• The type and the material of the garment. The clothing will be of type and material suitable for risk and also have a level of hazard protection that serves as resistance or insulation according to the assessment. 

Manual Labour

For instance, for manual or physical labour, such materials as leathers and canvases or chain mesh/metals are commonly used.


For chemical hazards, the PPE would consist of water-resistant and resistant materials, like rubber, plastic and also polyethylene. 


To deal with pathogens, the PPE should be made from disposable sterilisable materials, such as paper, cotton, and polyester. The clothing design should involve the use of such materials as wool, cotton or aramid, which are flame retardants and thermal hazard insulators. 


Fabrication factory workers must wear non-conductive and arc-rated clothing, such as cotton, nylon, or modacrylic, to protect themselves from any electrical hazards.

Rules and Regulations

When it comes to the apparel for the food processing facility, the apparel should meet the needs of the food safety standard 3.2.2, which says that the food handlers must take precautions against food contamination. 

Some of the Australian Standards for PPE that apply to the food processing industry are: 

  • AS/NZS 2210.1:2010 Occupational protective footwear 
  • AS/NZS 2161.1:2000 Occupational protective gloves 
  • AS/NZS 1715:2009 Selection, use and maintenance of respiratory protective equipment
  • AS/NZS 1337.1:2010 Personal eye protection 
  • AS/NZS 4399:2017 Sun protective clothing 
  • AS/NZS 4602.1:2011 High visibility safety garments 

The clothing must also conform to strict Australian standards for PPE and set the minimum guidelines for design, manufacturing, testing and certification.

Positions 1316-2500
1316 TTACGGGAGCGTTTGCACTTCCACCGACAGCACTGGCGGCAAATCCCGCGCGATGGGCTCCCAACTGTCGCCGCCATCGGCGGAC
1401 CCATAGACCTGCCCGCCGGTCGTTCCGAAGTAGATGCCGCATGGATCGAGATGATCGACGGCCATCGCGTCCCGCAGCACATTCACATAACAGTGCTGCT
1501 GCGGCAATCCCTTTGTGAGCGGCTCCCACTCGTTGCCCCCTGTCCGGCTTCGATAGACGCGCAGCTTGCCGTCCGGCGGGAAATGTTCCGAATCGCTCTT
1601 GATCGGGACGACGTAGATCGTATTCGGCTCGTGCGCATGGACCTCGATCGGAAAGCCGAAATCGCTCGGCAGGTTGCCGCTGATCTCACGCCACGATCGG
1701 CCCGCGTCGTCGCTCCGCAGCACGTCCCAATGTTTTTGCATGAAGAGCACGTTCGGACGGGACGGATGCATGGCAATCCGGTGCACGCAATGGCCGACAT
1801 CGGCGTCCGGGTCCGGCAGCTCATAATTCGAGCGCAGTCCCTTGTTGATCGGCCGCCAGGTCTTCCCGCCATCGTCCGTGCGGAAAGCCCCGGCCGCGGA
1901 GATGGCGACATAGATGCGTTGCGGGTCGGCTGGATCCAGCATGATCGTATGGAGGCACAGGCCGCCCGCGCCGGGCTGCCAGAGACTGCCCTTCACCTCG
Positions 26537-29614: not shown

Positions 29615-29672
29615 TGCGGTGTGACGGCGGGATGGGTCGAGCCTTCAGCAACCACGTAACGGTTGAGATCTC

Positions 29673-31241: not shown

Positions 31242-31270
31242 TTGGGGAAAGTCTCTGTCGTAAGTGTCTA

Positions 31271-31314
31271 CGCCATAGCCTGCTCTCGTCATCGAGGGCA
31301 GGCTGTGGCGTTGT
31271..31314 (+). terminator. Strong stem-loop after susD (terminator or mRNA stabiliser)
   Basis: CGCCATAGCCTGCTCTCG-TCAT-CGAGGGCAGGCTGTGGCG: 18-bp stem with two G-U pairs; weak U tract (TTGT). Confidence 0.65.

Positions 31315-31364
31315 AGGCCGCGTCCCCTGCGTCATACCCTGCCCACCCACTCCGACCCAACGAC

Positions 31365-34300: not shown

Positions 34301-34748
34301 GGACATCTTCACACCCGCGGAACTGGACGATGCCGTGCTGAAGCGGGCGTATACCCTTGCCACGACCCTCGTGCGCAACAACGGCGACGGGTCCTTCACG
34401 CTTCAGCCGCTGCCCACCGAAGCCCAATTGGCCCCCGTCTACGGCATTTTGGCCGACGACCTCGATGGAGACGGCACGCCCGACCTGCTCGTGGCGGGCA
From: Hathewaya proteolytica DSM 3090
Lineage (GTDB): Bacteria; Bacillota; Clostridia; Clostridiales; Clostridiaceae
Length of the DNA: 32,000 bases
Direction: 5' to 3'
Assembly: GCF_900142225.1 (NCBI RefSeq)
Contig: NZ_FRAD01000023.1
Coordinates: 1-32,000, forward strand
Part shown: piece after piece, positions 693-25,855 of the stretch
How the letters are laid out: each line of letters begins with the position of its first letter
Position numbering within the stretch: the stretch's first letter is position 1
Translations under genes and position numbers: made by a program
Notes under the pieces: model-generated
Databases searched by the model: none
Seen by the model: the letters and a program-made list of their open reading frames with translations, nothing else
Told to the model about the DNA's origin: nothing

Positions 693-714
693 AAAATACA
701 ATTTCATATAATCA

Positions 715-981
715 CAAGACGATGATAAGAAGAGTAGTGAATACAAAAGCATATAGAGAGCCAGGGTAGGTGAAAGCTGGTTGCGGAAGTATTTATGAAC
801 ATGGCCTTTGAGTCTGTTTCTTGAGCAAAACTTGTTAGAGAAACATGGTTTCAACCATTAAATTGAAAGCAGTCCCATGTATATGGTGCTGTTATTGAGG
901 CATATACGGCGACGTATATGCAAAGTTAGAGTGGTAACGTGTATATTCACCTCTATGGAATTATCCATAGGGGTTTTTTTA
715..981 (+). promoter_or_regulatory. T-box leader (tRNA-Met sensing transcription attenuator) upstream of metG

The next step is to get the workforce fully trained and in the know of what the rules and regulations are and also how to wear the PPE effectively. 

Part of the training will also include how the clothing should be:

  • Used
  • Maintained
  • And Disposed of… 

This must be done safely without jeopardising their own health. Some topics to cover in the training and education are: 

  • The workers have to be aware of the dangers to their health and the working environment that the protective clothing is being used for. And also the advantages and disadvantages of the outfit.
  • Getting the correct size and the arrangement of PPE. A worker has to be supplied with but also learn to pick the right kit for each job.  It should neither be tight and uncomfortable or slack and potentially get caught in machinery.
  • Employee training also involves knowing how to treat the PPE after the shift has finished this includes washing, storage, inspection and repairs.
  • Also, each company has their own recycling or eco-friendly ways of doing things, so in-house training on how to get rid of the protective clothes in safe and eco-friendly ways and how to replace them when they are damaged, worn out or expired is essential. 


In recent years PPE worldwide has really become more diverse.  New technologies coming into many industries bring changes and different dynamics for workers and what protects them.  If you are a business owner and looking to kit out your workforce with PPE it is important to get the right advice from people in the industry.  Health and safety are taken with utmost seriousness in Australia, so be sure you and your team are ready. Good luck!